Samson shares how they went through several exercises, “like picking words to best describe your company, your sustainability practices, including visualization.” “We did this exercise where you break down one product into all of its components—down to the last nail—so you can see what exactly goes into your product,” she shares. “Doing this allows you to see what can be recycled and what goes to the landfill. In a way, at least from my point of view, it’s getting to know your company and seeing where or how you can adjust. Plus, being able to engage with different people from a different part of the world is interesting. It’s a different perspective which I appreciate.”
“The whole exercise actually made me realize that we are really sustainable,” she adds, “and that the biggest challenge is really the packaging.” Cabanlet has the same takeaway. “The program is a confirmation that what we have been doing is correct, and that we are headed in the right direction,” she shares. “And based on our current practices, our goal is to get confirmation and to learn further about circular economy and sustainable practices.”
For E. Murio, Samson sees the fruits of the program feeding into current initiatives the company has started undertaking. “We’ve been around a long time, but we have also been trying to refine or define the company,” she says. “We recently signed on with a marketing company, and I think all of this will feed into each other. So I think it’s also good timing.”
She’s likewise thankful for CITEM’s endeavors. “In the last two or three years, CITEM has been holding programs that are just really great for everyone—for different creatives, different manufacturers, and the industry as a whole,” she says. “By helping keep us informed and up to date, it really helps everything.”
For Cabanlet, she’s interested to see the market’s reaction to all these sustainability initiatives. “I’m excited to know how mature the market has become in embracing these sustainable practices,” she says. “Will there be a high demand for sustainable products? What are the parameters to say that it is worth taking sustainable practices because there is a market for this?”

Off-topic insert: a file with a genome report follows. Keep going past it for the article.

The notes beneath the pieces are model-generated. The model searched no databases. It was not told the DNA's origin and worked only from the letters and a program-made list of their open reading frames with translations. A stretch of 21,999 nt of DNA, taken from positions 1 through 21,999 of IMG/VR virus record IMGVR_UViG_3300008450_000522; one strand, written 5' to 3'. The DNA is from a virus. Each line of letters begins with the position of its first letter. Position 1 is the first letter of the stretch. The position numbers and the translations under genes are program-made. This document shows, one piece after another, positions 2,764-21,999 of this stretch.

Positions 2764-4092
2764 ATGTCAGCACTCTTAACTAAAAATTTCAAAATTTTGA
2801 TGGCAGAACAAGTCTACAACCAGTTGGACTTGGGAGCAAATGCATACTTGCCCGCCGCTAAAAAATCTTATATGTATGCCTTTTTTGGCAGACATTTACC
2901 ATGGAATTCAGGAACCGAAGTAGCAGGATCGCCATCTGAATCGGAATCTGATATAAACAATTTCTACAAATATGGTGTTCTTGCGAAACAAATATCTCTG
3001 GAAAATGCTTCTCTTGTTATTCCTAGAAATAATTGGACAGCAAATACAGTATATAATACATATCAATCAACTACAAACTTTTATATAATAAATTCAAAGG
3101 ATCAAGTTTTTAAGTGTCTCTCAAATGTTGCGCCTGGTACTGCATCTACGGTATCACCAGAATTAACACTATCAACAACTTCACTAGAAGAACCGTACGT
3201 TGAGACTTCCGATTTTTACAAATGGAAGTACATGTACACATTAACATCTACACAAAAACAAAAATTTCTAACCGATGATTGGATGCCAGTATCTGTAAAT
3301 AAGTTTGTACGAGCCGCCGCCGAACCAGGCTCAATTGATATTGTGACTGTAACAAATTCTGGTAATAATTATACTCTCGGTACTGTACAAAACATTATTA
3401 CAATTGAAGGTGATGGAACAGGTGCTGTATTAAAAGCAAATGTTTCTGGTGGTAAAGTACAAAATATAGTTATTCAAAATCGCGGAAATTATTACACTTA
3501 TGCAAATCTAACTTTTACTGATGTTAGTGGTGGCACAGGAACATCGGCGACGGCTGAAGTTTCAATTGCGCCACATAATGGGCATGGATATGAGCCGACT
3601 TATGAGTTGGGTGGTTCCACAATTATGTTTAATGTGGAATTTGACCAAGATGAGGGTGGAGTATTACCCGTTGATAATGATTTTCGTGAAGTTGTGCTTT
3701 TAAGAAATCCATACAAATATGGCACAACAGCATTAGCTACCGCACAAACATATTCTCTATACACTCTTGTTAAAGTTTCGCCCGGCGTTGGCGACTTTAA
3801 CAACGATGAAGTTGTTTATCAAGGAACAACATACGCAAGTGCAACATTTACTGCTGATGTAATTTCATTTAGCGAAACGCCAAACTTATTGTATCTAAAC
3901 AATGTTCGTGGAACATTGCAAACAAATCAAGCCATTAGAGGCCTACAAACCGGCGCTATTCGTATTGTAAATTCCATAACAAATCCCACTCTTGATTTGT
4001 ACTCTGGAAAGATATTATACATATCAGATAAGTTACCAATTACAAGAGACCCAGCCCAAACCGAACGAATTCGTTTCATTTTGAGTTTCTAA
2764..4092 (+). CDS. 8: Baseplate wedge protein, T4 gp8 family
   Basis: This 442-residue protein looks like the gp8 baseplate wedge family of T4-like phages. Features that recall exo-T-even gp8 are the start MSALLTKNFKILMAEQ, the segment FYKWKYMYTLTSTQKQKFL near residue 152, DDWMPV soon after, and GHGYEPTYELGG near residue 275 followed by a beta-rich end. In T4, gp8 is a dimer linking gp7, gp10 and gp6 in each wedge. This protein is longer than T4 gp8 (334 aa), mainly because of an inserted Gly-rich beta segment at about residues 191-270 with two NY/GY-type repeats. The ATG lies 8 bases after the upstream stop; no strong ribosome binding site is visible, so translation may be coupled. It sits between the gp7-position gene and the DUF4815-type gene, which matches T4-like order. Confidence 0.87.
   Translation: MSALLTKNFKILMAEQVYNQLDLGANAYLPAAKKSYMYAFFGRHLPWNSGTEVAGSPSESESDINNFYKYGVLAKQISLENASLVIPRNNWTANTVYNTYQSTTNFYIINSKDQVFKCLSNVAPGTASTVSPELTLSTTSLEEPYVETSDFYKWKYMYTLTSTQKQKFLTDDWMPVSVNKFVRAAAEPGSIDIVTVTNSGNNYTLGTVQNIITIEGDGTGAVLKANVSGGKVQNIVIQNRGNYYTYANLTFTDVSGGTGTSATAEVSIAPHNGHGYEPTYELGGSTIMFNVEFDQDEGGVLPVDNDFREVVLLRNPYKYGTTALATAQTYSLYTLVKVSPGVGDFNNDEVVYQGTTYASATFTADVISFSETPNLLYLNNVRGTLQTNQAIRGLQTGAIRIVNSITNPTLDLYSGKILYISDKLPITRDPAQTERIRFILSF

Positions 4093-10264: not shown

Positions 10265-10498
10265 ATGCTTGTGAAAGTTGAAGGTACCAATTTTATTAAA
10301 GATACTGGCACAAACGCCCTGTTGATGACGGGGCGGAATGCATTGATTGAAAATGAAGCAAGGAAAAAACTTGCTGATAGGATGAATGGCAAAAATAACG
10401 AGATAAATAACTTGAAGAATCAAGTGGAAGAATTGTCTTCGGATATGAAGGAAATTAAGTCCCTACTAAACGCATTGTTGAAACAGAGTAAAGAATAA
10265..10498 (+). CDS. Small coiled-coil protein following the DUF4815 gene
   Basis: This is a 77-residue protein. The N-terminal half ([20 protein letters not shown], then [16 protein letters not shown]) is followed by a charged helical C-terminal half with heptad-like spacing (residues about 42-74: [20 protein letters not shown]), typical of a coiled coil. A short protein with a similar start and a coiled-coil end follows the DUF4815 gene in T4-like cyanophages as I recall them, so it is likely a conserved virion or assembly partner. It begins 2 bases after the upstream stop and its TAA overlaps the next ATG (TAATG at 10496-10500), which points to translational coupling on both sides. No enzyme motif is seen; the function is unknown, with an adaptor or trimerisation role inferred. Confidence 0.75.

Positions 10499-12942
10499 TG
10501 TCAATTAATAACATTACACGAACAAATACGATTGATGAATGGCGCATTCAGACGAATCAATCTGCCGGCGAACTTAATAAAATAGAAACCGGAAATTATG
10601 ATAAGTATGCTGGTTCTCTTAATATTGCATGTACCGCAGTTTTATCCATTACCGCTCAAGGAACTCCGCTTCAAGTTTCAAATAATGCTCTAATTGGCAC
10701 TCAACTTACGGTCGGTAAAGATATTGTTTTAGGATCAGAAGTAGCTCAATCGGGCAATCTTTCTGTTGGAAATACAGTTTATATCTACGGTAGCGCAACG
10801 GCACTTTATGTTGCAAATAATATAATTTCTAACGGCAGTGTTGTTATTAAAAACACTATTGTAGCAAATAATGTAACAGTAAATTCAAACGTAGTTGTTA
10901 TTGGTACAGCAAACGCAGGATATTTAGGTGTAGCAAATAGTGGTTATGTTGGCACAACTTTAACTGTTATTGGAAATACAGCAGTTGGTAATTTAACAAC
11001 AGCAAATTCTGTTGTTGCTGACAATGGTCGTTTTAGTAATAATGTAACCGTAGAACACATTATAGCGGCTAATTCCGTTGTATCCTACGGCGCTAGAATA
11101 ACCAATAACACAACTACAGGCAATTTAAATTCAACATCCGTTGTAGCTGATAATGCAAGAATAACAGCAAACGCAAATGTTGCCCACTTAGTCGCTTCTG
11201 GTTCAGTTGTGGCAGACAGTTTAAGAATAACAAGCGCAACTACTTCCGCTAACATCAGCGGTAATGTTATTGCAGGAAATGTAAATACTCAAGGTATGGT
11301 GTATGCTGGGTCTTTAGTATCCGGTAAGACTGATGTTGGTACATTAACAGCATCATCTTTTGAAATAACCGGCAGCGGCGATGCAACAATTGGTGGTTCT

And as for Juan, “it was encouraging to see the companies propose their own actionable solutions based on their learnings from this program.” “Reviewing the processes, materials, and existing products of various companies opened our eyes to how vastly gifted the Philippines is in terms of raw materials,” she adds. “But we need to be able to manage how we use and replenish raw materials, reduce wastage, find more creative ways of reusing leftover materials, and find solutions for disposal and material recovery. It’s a whole cycle that we are looking at and trying to find interventions.”
by Vicky Montenegro
Photos courtesy of brands
Asia’s palm oil giants now push for sustainability
The palm oil industry is showing progress toward more sustainable practices Learn More
Resource scarcity and climate-induced risks for businesses
Resource scarcity, a more sustainability-conscious public, more policies, and physical risks—climate... Learn More
Farm To Table: 4 Ways To Make Food Production More Sustainable
Companies are increasingly exploring ways to reduce agri-food systems emissions across the supply ch... Learn More
Foraging For Food
Connecting with nature through food Learn More